L5R - Birds in their Nests - A Post Winter Court story Nov 27, 2017 20:25:32 GMT 10
Post by Hida Tetsuko on Nov 27, 2017 20:25:32 GMT 10
The Imperial Winter Court began in earnest, Karasu visited as often as he could which was not as often as he liked. His wife Hitomi came more often though, she had also been at Shiro Mirumoto the previous winter but Yamada had not really met her. She was gentle and quiet and Yamada thought she would make Harun a good mother. She would sometimes carry Harun in the sling when she and Yamada would walk around the city, usually going down to the Imperial Legion barracks where Karasu usually was if he was not in the Forbidden City.
Harun began to be a bit of a favourite down at the barracks, some of the soldiers would find excuses to come in to speak to Karasu. Harun laid on a blanket on the floor, sucking on the soft toy horse that Karasu had given him.
Kousuda spent much of his day in the Forbidden City, and some evenings. As did Arami. The evenings they were not there, they brought news and gossip to Yamada and Kyoumi. Like the Emperor’s new Golden Throne, though it was made of shakudo that was only a little gold and mostly copper. It was ornately decorated with the mons of all the nine Great Clans in brilliant coloured enamels.
Privately, it made Yamada feel a little uneasy. Such a lavish thing when many in Rokugan were suffering the trials of war and famine. But she didn’t question it, a new throne was needed as the old Steel Throne which had been in use since the days of the Toturi Dynasty was still in Toshi Ranbo. And Toshi Ranbo was still held by the Onyx.
The scarcity of food from the famine was something Yamada kept in mind when preparing for Harun’s Okuizone, his First Food Celebration. She managed to procure the traditional set of dishes, red lacquerware for a boy, but lavishly celebrating food seemed somehow wrong. The food they usually ate was simple and in frugal servings. Miso soup, plain rice, pickles from the vegetables from the garden. Sometimes supplemented with flatbread and hummus that Kousuda favoured.
She talked this over with Sumiko, voicing her concerns. It seemed a bit trivial to speak to Kyoumi about. Sumiko assured Yamada she would do what she could with the limited resources available to her in the household. And several says later, she told Yamada she had succeeded in procuring what was necessary. She said nothing of how, but was especially gracious towards Arami for the rest of his stay.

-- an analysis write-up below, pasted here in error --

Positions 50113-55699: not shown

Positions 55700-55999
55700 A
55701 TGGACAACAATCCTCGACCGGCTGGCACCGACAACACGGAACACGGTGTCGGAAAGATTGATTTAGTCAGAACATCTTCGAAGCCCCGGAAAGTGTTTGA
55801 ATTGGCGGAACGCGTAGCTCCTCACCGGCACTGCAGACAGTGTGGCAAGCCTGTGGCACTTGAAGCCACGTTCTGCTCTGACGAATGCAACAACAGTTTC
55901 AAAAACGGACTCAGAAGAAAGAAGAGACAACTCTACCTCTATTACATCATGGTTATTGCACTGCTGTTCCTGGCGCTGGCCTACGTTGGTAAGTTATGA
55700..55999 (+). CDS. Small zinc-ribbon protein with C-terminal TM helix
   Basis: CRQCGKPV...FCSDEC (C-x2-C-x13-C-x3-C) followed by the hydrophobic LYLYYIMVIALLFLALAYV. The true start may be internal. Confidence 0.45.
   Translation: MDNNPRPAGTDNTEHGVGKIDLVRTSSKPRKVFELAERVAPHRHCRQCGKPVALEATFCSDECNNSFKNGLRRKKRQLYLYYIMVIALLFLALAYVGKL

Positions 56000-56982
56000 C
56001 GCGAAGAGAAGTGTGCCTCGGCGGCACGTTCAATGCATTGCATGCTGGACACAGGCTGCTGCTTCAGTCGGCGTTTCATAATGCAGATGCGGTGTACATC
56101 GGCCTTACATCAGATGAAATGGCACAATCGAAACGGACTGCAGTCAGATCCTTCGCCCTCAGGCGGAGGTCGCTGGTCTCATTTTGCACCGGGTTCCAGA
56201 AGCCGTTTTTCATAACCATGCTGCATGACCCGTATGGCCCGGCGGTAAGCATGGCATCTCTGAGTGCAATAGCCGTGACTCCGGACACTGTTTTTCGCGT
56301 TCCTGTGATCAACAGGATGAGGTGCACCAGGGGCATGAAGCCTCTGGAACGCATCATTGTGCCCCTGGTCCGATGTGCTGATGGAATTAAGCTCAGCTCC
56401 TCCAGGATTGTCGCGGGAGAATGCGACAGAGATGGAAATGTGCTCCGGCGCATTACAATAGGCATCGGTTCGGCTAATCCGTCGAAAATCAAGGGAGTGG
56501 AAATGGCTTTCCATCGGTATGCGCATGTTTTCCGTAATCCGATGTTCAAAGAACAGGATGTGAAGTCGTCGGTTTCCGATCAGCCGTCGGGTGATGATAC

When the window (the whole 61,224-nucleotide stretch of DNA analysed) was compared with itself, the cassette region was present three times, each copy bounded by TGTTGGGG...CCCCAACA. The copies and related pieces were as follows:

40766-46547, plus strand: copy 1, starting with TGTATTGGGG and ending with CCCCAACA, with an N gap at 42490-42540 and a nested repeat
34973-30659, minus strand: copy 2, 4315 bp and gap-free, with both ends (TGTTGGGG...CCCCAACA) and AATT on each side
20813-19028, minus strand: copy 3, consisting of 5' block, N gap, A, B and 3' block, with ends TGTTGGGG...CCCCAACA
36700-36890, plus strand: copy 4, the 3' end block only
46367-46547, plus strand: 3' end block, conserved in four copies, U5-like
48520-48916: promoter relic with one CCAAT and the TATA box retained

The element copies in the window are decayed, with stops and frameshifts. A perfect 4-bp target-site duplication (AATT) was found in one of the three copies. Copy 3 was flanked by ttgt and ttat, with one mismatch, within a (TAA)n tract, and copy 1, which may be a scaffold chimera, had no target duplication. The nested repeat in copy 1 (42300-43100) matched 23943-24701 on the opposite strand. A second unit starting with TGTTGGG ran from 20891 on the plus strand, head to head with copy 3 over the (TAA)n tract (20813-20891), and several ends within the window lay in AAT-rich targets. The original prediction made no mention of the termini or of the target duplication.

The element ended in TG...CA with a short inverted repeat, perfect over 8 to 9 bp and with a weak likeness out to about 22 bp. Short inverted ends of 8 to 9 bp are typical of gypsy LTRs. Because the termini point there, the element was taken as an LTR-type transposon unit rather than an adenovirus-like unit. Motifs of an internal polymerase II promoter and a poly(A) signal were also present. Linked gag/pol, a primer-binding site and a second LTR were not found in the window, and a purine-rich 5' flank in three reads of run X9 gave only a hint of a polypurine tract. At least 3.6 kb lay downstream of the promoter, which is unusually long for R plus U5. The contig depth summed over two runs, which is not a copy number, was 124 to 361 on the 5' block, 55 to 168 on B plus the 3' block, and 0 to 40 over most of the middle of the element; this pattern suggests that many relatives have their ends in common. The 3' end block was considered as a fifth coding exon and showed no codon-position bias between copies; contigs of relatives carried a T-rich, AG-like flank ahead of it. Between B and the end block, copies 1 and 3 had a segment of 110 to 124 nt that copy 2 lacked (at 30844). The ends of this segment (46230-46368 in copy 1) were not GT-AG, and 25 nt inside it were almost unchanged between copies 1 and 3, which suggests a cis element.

The day of Harun’s Okuizone came. Yamada dressed Harun in festal clothing of purple and deep blue, an homage to both his parents. Karasu and Hitomi arrived at the appointed time, and with them was another guest.
“I do hope you don’t mind,” said Hitomi apologetically. “But she has only just arrived and assured me she did not want to miss this.”
Hitomi stepped aside to reveal who was standing behind her. Yasuki Yamase, eldest daughter of the Yasuki Damiyo. Yamada had known her at Shiro Mirumoto, she had been nakodo for her marriage to Nakura and Yamada had had to “bargain” with her in the Capturing of the Groom on her wedding day.
Right after court was over, Yamase had managed to get back to Crab lands where things were far worse than in the rest of Rokugan. She had promised Yamada she would tell Nakura’s family what had happened, if they were still alive.
And now, she was back.
Yamada welcomed her warmly inside, having her here for one of Harun’s rituals of life was a good sign. A member of Nakura’s own family, she led them all into the house. Izumi came out and put Harun in her arms, he seemed to regard the gathering sceptically.
Yamase had brought gifts for Harun as well. One was a wish doll, traditionally made by Crab mothers for their babies to guard against evil spirits. It was from Nakura’s sister, Momoibura.
“I do want to meet her,” said Yamada. Nakura had told her much about his sister as they were especially close. “How was she with…what happened?”
“Death is so constant there,” Yamase answered. “She was saddened by Nakura’s death, of course. But the news I brought her of a child on the way seemed to help.” She took out a small bamboo scroll case from his sleeve. “And this is my gift for Harun-kun, to make sure he knows his Yasuki heritage.”